Don’t Just Change, Transform

The athletes who competed in the London Olympics are models of persistence and what it takes to maintain change.

BY: Dr. Matt Mumber and Heather Reed

9 Holiday Depression Busters
 

Don’t Just Change, Transform

The athletes who competed in the London Olympics are models of persistence and what it takes to maintain change. Change as it pertains to most high-level competitive sports entails working out 2-5 hours per day with the goal of making small improvements over the course of an entire year. For example, competitive swimmers will work for years to drop a single second off of their best time. One one-hundredth of a second can often make the difference between gold, silver, bronze or making the team at all. Of many sports, it’s likely that swimming is oriented most to the individual. As such, it offers some lessons on how we can sustain change in our lives as we search for the balance with our internal and external environment we call health. There are two approaches that help create sustainable change for a competitive swimmer. These are the mechanics, or translational tools, and the intangibles, or transformational approaches.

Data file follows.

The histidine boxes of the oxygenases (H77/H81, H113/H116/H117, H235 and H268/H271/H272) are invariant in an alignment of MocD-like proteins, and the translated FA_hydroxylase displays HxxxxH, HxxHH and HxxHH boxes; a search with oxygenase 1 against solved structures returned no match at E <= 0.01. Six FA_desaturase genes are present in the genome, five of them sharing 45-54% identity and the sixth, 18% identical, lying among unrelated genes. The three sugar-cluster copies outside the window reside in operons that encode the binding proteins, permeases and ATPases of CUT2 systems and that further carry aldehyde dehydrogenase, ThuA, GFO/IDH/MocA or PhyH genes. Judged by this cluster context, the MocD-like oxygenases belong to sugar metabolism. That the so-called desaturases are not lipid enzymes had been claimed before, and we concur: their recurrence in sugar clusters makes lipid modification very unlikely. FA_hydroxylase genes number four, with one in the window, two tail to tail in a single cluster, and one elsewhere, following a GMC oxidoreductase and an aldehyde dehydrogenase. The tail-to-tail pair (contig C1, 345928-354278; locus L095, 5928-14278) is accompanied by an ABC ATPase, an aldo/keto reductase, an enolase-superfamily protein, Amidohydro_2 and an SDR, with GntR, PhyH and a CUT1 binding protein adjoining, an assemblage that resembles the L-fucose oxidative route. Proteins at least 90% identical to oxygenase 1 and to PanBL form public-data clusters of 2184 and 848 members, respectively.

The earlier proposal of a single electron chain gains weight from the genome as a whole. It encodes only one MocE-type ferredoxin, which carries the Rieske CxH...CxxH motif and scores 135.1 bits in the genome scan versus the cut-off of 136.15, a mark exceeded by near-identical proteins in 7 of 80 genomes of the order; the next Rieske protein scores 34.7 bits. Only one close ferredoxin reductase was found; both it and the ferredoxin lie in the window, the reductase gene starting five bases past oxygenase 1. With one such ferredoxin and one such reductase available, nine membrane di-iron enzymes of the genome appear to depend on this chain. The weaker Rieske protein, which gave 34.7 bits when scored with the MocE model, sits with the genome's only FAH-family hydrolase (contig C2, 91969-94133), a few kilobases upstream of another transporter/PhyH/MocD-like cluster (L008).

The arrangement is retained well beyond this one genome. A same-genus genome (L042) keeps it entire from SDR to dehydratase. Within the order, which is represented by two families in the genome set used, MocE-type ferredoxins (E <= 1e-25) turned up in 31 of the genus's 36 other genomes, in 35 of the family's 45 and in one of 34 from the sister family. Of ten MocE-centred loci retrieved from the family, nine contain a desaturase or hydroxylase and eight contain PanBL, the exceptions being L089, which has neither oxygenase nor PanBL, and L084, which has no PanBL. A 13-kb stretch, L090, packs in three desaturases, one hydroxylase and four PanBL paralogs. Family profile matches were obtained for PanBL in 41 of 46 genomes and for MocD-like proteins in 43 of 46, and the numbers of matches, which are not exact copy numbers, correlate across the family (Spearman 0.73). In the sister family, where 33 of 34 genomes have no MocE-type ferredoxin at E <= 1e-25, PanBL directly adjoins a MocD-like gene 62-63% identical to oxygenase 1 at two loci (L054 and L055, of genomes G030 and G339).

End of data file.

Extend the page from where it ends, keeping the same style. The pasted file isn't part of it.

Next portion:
Certainly change can occur with one and not the other, but it will not be sustainable or optimal. The mechanical/translational approach includes the practical aspects of the sport that can be translated to anyone, anywhere. These include a knowledgeable coach, a good pool, a practice routine with a set time and place, and appropriate workouts with an emphasis on specific techniques and conditioning. In this category, the talent levels of the individual swimmer and the coach are variables that affect outcome. The intangible/transformational aspects are completely individual and cannot be imposed on anyone—they must come from within.

Continued on page 2: Change »

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